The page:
The Irish Times view on Garda reform: Don’t shoot the messenger
Restructuring the Garda Síochána was never going to be easy
Garda Commissioner Drew Harris, addressing delegates at The Garda Representative Association Annual Delegate Conference at Killarney Convention Centre. Photograph: Valerie O’Sullivan
Attack is frequently used as a form of defence. That has been the approach adopted by some members of the Garda Representative Association at their annual conference. Rather than dwell on the various shortcomings within the force and the reluctance of some members to engage with a reform agenda, the opportunity was taken to accuse the Minister for Justice Charlie Flanagan of ‘negligence’ and Garda Commissioner Drew Harris of ‘despicable’ decision-making. This confrontational attitude offers nothing but future grief.
GRA members complained about shortages of funding for armed services and training, even as the budget grew. Much of that extra cash went on Garda pay and conditions, however, and followed threats of a withdrawal of labour. Before Commissioner Harris took over, the Policing Authority identified a shortage of funding in key areas inlcuding IT, human resources, training and accommodation. It also reported that gardaí in the lower ranks had not bought into the reform agenda and that uncertainty existed at managerial level about the future development of the force.
Vicious gang warfare in Drogheda and in Dublin over control of the drugs trade practically guaranteed that Mr Flanagan would receive a hot reception in Killarney. He did. New structures between the Department of Justice and the Garda Siochána make him the paymaster, rather than director of police operations. A shortage of funding left him no place to hide, even as GRA demands for armed response units in every division and a supply of tasers for all members ignored fiscal reality and grabbed the headlines.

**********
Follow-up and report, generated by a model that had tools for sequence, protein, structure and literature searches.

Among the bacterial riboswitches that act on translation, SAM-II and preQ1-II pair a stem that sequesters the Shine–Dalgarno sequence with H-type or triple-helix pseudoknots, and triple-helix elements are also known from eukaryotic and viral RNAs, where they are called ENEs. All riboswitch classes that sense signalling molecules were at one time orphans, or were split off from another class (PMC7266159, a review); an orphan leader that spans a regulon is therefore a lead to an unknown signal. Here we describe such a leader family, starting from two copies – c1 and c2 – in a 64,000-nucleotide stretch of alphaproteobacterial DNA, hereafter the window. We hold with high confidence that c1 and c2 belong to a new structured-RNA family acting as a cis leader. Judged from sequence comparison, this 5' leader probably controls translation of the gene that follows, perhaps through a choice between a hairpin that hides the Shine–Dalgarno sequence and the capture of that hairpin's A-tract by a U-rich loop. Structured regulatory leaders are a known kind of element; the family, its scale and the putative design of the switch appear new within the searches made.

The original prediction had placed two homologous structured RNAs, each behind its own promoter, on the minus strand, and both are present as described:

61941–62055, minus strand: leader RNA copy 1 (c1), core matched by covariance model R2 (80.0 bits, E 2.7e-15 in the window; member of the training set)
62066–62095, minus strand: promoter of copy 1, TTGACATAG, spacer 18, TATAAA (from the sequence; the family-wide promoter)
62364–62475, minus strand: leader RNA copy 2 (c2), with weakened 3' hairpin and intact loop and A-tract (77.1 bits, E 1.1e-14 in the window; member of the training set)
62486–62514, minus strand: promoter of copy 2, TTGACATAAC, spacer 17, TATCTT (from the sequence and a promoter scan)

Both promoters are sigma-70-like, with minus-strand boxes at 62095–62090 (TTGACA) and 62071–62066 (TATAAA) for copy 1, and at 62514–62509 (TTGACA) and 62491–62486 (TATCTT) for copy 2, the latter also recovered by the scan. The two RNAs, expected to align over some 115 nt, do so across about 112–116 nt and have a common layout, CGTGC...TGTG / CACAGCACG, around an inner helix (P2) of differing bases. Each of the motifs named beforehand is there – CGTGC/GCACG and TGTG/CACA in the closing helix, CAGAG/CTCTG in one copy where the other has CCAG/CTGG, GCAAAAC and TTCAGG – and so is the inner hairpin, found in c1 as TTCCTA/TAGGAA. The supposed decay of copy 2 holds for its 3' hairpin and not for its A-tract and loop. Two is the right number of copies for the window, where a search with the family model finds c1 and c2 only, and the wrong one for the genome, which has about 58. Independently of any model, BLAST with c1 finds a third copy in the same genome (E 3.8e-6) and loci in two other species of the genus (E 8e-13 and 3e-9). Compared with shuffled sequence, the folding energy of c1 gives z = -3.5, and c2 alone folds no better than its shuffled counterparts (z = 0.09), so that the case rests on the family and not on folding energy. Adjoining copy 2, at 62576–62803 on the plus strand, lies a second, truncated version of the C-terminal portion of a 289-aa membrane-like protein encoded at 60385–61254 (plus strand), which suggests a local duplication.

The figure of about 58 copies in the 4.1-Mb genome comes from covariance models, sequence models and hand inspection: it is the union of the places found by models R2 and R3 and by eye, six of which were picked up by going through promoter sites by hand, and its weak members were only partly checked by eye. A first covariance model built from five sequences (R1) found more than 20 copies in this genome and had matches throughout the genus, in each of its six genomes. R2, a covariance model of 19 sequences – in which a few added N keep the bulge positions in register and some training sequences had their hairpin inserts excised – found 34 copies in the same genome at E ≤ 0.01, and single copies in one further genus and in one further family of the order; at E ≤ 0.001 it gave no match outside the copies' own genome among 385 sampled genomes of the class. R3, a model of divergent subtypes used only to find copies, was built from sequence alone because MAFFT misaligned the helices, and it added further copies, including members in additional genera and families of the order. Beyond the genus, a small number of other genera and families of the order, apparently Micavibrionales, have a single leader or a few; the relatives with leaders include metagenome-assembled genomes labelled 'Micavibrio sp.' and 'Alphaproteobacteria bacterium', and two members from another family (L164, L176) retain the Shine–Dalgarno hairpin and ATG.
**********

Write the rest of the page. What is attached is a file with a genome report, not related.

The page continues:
Commissioner Harris is responsible for spending the money he receives and, so far, has adopted a cautious, independent, approach. Ignoring Government ambition to increase Garda numbers by 800 this year, he checked on funding and the slow pace of civilianisation and settled for an intake of 600. That decision was criticised as ‘mind boggling’ by one delegate, while his actions in other areas were also a cause for concern. He had made Garda discipline, so obviously fractured during recent decades, ‘a matter of priority’. Promotions to the ranks of sergeants and inspectors had been withheld recently because public complaints were outstanding against the individuals concerned. Promotion has also been made dependent on members signing up to the Garda Síochána code of ethics, something less than fifty per cent have done.
Restructuring the Garda Síochána was never going to be easy. Members have served with courage and distinction, defending the State against paramilitary and criminal activity. But as demand for greater transparency, efficiency and higher ethical standards has become insistent, discredited old practices must be swept away.